So many books, so little time, and, worst of all, so little space. It is a privilege to write for The Washington Post every week, particularly given my eclectic — some would say eccentric — tastes. Yet for every title I review, there are a half dozen I would like to cover and cannot. I am allocated roughly 950 words each Thursday, and that is it. As a result, the To Be Read stacks on my nightstand and around my desk resemble Mesopotamian ziggurats.
This spring, for instance, brought at least four excellent books about books. The enviably multilingual Alberto Manguel — author of the sweeping “A History of Reading” — reflects on his peripatetic life in Packing My Library (Yale). Burkhard Spinnen’s The Book: An Homage (Godine) collects 40 charmingly personal mini-essays on such topics as “the favorite book,” “the stolen book” and “the annotated book.” Stuart Kells’s more scholarly The Library: A Catalogue of Wonders (Counterpoint) tracks the history of that greatest of all cultural institutions, and James Raven’s What Is the History of the Book? (Polity) surveys contemporary approaches to the study of books as physical objects.
Friends and acquaintances often mail me packages stamped “printed matter.” Toronto bookseller David Mason hoped I would read Nick Mount’s Arrival: The Story of CanLit (Anansi), a survey of modern Canadian writing: Robertson Davies, Mordecai Richler, Alice Munro, Michael Ondaatje and Margaret Atwood are just the start. Back when I worked as an editor at Book World, I could always count on Linda Barrett Osborne to review anything well. For old time’s sake, Linda sent me American Catholics and the Church of Tomorrow (University of Chicago), a study of 20th-century church architecture by her accomplished daughter Catherine R. Osborne, whom I once met when she was a toddler. My former Post colleague Ken Ringle recently gave me his Carl Hiaasen-like comic novel, Squeeze Play (CreateSpace), accurately subtitled “A Sultry Tale of Drugs, Drones, Jello Wrestling and Burmese Pythons in the Greater Everglades.” So, too, Noel Epstein, former managing editor of Outlook, recently dropped off Miracle Child (Academic Studies Press), a memoir by his wife, Anita Epstein, described as “The Journey of a Young Holocaust Survivor.” One small detail: Anita Epstein was seriously auditioned for the starring role in the 1959 film “The Diary of Anne Frank.”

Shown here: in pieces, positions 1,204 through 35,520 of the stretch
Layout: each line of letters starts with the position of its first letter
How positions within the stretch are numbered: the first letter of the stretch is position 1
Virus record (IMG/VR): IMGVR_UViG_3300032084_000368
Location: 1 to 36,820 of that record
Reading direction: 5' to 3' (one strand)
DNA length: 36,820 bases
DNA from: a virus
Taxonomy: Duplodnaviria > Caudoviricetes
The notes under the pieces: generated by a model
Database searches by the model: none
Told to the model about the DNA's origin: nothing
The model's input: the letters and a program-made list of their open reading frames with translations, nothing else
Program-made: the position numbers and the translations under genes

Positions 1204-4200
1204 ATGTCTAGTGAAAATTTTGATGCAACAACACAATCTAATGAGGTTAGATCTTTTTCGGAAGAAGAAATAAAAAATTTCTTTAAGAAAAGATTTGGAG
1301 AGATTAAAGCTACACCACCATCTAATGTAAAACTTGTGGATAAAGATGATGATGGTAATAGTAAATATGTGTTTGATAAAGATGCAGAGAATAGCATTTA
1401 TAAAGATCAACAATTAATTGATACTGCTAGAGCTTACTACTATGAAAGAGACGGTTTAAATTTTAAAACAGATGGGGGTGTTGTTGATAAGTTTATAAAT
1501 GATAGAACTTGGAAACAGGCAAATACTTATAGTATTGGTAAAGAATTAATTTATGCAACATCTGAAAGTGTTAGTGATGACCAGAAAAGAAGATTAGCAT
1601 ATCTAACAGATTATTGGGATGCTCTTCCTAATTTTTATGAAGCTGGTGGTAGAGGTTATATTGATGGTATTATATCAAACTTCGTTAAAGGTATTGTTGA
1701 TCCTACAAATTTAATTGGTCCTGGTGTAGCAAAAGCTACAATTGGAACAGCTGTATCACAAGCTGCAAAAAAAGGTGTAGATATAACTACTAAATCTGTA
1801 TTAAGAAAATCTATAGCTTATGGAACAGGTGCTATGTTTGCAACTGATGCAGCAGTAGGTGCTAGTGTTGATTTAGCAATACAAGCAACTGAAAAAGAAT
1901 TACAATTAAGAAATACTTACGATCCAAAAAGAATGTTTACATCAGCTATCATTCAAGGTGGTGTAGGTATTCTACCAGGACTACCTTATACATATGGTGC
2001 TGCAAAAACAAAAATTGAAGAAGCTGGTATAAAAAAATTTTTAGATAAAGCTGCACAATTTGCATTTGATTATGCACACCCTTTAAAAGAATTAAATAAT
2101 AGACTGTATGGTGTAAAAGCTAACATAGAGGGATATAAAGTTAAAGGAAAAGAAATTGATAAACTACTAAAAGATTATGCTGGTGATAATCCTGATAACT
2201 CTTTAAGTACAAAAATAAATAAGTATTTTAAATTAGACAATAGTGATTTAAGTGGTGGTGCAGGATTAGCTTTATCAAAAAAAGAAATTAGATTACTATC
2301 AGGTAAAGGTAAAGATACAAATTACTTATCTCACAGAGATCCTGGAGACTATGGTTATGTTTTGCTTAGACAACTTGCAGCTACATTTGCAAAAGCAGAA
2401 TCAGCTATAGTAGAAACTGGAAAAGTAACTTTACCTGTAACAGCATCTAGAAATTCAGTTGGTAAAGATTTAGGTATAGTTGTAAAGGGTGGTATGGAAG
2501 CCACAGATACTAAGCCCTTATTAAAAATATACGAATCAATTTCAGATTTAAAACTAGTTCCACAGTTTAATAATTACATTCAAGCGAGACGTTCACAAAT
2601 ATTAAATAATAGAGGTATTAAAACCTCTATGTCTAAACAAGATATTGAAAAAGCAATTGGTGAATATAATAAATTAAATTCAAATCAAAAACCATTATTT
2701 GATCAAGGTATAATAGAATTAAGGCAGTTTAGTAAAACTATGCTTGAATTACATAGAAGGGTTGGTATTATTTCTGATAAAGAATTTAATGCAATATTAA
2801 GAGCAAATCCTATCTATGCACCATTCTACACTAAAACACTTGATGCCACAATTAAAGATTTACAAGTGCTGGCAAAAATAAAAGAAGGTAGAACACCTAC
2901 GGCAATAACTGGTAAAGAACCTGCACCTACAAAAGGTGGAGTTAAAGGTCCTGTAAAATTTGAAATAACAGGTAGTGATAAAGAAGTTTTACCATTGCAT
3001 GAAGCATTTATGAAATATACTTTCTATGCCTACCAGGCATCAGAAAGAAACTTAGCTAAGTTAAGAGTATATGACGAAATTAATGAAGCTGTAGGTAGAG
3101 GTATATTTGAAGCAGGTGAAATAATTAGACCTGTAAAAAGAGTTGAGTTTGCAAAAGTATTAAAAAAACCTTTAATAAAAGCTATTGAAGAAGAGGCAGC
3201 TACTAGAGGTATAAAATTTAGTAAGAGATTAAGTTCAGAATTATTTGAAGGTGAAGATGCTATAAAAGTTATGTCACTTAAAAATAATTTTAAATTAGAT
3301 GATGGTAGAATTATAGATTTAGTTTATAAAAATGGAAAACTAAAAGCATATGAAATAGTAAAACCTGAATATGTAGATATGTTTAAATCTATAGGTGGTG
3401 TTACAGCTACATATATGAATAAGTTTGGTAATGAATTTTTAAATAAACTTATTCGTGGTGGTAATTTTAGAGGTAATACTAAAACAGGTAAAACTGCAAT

For me, there is considerable nostalgia in Rosemarie Beck: Letters to a Young Painter and Other Writings, edited by Eric Sutphin (Soberscove). A figurative artist with a penchant for mythological themes, Beck was a close friend of writer Bernard Malamud and painter Philip Guston — as well as being the formidable, no-nonsense wife of my literary mentor Robert Phelps. The Hirshhorn now owns her 1959 “Portrait of Robert,” reproduced in this little book. I first got to know this glamorous artistic couple when I was just a dewy-eyed English major at Oberlin College. Visiting my alma mater recently, I met DeSales Harrison , head of the creative writing program, and naturally took away a copy of his new novel The Waters and the Wild (Random House), a literary thriller about a psychoanalyst, elegantly told and layered with multiple twists and deceptions. Just my sort of book.